No particular likes or dislikes so far.  Boulidazi really doesn’t seem so bad a guy, in some ways.  Moncraine seems like a guy who has let his pride and stubbornness ruin him, so hopefully the embarrassment of having these kids waltz in and set his affairs to order will help him get back on his feet.  We know from Boulidazi that he used to be really good, so maybe he’ll be able to climb his way back to the person he once was.

The rooftop scene and the apology.  How did it all go so wrong?  And how will Locke get out of this latest fix with Boulidazi?

Such a short, yet complicated question.  I will start with my ideas on the conversation between Locke and Sabetha.  It was going so well, and then it went so wrong!  I think this is the biggest indication we’ve seen so far that Lynch’s world is not as egalitarian as it might seem, the Spider and Nazca notwithstanding.  Based on Sabetha’s comments, this is a world where it is very commonplace for women to be trafficked for sexual purposes. And now to Locke’s misstep…

First off, one of the major obstacles to this romance in Sabetha’s mind was that she believed Locke saw her as an object of desire, not as a potential active partner in romance, with her own thoughts and feelings.  The whole series of Espara conversations slowly worked them around to a place where Locke realized he was objectifying her, and made an effort to really understand her perspective. She then began to seriously consider the idea of being with him romantically. 

And then he comes out with, “Oh, also, you know the thing that loads of people fetishize about you?  That is totally my fetish, and that’s why I like you!” (That is translated into Sabetha-perception, since I realize that he just meant to compliment her hair.) I think he’ll be able to explain himself eventually, but oh, Locke, what a way to accidentally tread into sensitive territory and exacerbate existing trust issues :(.  It doesn’t help that he’s a con artist, so her automatic reaction was to believe that everything else he’d said was just part of a con to get in her pants!

On the topic of Boulidazi, that was an incredibly cruel place to have a section break!  I can’t decide how much I think he heard, from those last few lines.  Did he just hear enough to realize that Lucaza had a thing for Verena?  Or did he hear enough to find out that Locke and Sabetha were not Camorri nobles at all?  I can’t wait to see how Locke will talk his way out of this one!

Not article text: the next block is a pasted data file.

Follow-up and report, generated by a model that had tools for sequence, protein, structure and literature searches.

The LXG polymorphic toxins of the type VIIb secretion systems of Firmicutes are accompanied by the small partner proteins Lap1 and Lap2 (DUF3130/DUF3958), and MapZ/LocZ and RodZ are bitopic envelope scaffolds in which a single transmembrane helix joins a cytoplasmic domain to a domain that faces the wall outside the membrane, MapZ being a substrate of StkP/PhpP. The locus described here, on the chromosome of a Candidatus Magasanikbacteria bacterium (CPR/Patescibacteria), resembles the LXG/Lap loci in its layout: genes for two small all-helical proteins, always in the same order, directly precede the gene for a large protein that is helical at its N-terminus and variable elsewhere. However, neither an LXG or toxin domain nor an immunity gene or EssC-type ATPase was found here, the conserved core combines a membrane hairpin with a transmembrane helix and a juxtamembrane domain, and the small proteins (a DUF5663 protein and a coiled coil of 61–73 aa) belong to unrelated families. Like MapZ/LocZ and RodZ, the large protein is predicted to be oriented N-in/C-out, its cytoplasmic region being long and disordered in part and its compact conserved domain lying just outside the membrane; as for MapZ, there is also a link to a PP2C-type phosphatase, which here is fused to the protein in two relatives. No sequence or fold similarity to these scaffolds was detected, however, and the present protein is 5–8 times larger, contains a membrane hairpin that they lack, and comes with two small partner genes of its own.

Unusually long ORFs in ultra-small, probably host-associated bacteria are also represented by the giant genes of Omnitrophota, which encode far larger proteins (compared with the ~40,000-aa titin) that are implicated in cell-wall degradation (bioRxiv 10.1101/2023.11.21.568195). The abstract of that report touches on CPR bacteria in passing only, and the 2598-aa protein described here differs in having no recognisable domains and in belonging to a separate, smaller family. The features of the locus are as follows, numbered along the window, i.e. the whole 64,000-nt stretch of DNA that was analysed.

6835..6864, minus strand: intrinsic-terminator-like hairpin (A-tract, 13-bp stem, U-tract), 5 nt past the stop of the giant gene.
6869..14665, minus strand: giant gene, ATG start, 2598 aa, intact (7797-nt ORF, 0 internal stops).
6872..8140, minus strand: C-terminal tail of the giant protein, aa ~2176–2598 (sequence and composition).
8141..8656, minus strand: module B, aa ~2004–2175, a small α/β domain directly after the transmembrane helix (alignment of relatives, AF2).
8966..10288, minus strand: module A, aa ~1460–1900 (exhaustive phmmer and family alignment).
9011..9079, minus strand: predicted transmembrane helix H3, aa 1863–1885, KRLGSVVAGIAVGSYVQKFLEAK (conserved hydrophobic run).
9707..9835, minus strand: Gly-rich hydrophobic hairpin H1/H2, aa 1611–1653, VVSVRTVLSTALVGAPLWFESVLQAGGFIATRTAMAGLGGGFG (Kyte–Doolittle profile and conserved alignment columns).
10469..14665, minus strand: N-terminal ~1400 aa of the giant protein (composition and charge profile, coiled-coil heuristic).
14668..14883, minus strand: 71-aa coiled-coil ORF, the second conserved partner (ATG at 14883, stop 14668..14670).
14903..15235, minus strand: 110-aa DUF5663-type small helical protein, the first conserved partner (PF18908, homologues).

1. The kindest kidnapping?! Well actually that cruise did sound really nice. I'm a bit of a foodie and having that chef aboard sounded like heaven!
    I thought Sabetha's trickery was cruel though. She used Locke's feelings for her to drug him and kidnap him. Efficient, but totally underhanded.

    Oh, this section ended on such a cliffhanger! And I'm trying to pace myself for this read-along so that I don't read ahead before I answer the questions. The willpower I displayed by stopping at the end of Aurin and Amadine was like a personal achievement.

    1. Fair enough, the trickery part was pretty cruel. The cruise sounded great to me, though! If only they didn't have that election to win, they could have relaxed :).

      And yeah, it took a lot of willpower for me to not turn to the next page, too. I don't know how the flashback story manages to be so suspenseful! We more or less know how it's going to come out in the end, even.

  2. totally. If i'm kidnapped by my rival, I would prefer to spend my isolation out to sea, on a luxury yacht, eating gourmet food all day long. what a great vacation, now that I think about it!

    it was the four cornered hat that gave her away when she was pickpocketing them. It was a portion of her outfit from earlier in the book that stuck in my mind, it's like "how often would a four cornered hat show up??"

    If Locke manages to get the Aurin role, at least he'd be able to kiss Sabetha on stage, and there'd be nothing Boulidazi could do to stop him! oh crap, i hope Boulidazi doesn't want that part. . . .

    1. I am apparently bad at details, I didn't really think much about the hat. That does seem like a pretty particular shape.

      That would be an interesting development, if Boulidazi agrees to play along as long as he gets to be Aurin in the play. Locke would not be happy about that arrangement at all (and neither would Moncraine, I bet).

  3. I thought the kidnapping bit was hilarious. It came out of nowhere and was so well-prepared and thought out. You're totally right about Locke and Jean not thinking through the initial meeting. The whole thing was on enemy territory but maybe they thought she'd play fair...

    I've never bought the idea that Lynch’s world is egalitarian as far as gender and sex poitics goes. Women are still looked at like dolls by most men and judging by Sabetha's descriptions and reaction to her red hair, much worse can happen. It was a chilling bit once I got over my surprise at her overreaction.

    And yeah! What a cliff-hanger!

    1. I think they probably did expect her to play fair, but it seems like their trade doesn't really include fairness most of the time :).

      Yeah, I was mostly thinking how women can attain powerful positions in the world, but I agree that we've seen the non-egalitarian aspects in smaller ways throughout the series.

  4. That kidnapping is not a bad way to travel at all; all the luxuries one could want! You're right, they are off their game a bit. I'm cutting them slack but they need to pick up some pieces now that they're back on land.

    Locke, I swear, the only person he ever seems to get tongue tied around is Sabetha. He means well, it's just that nothing he says comes out right. Poor guy. But! We do know that it eventually goes his way, even if we haven't gotten there yet. :)

    1. Yeah, he's so smooth and persuasive with random strangers, but with Sabetha it's all out the window :). I have been curious to see how they eventually work things out.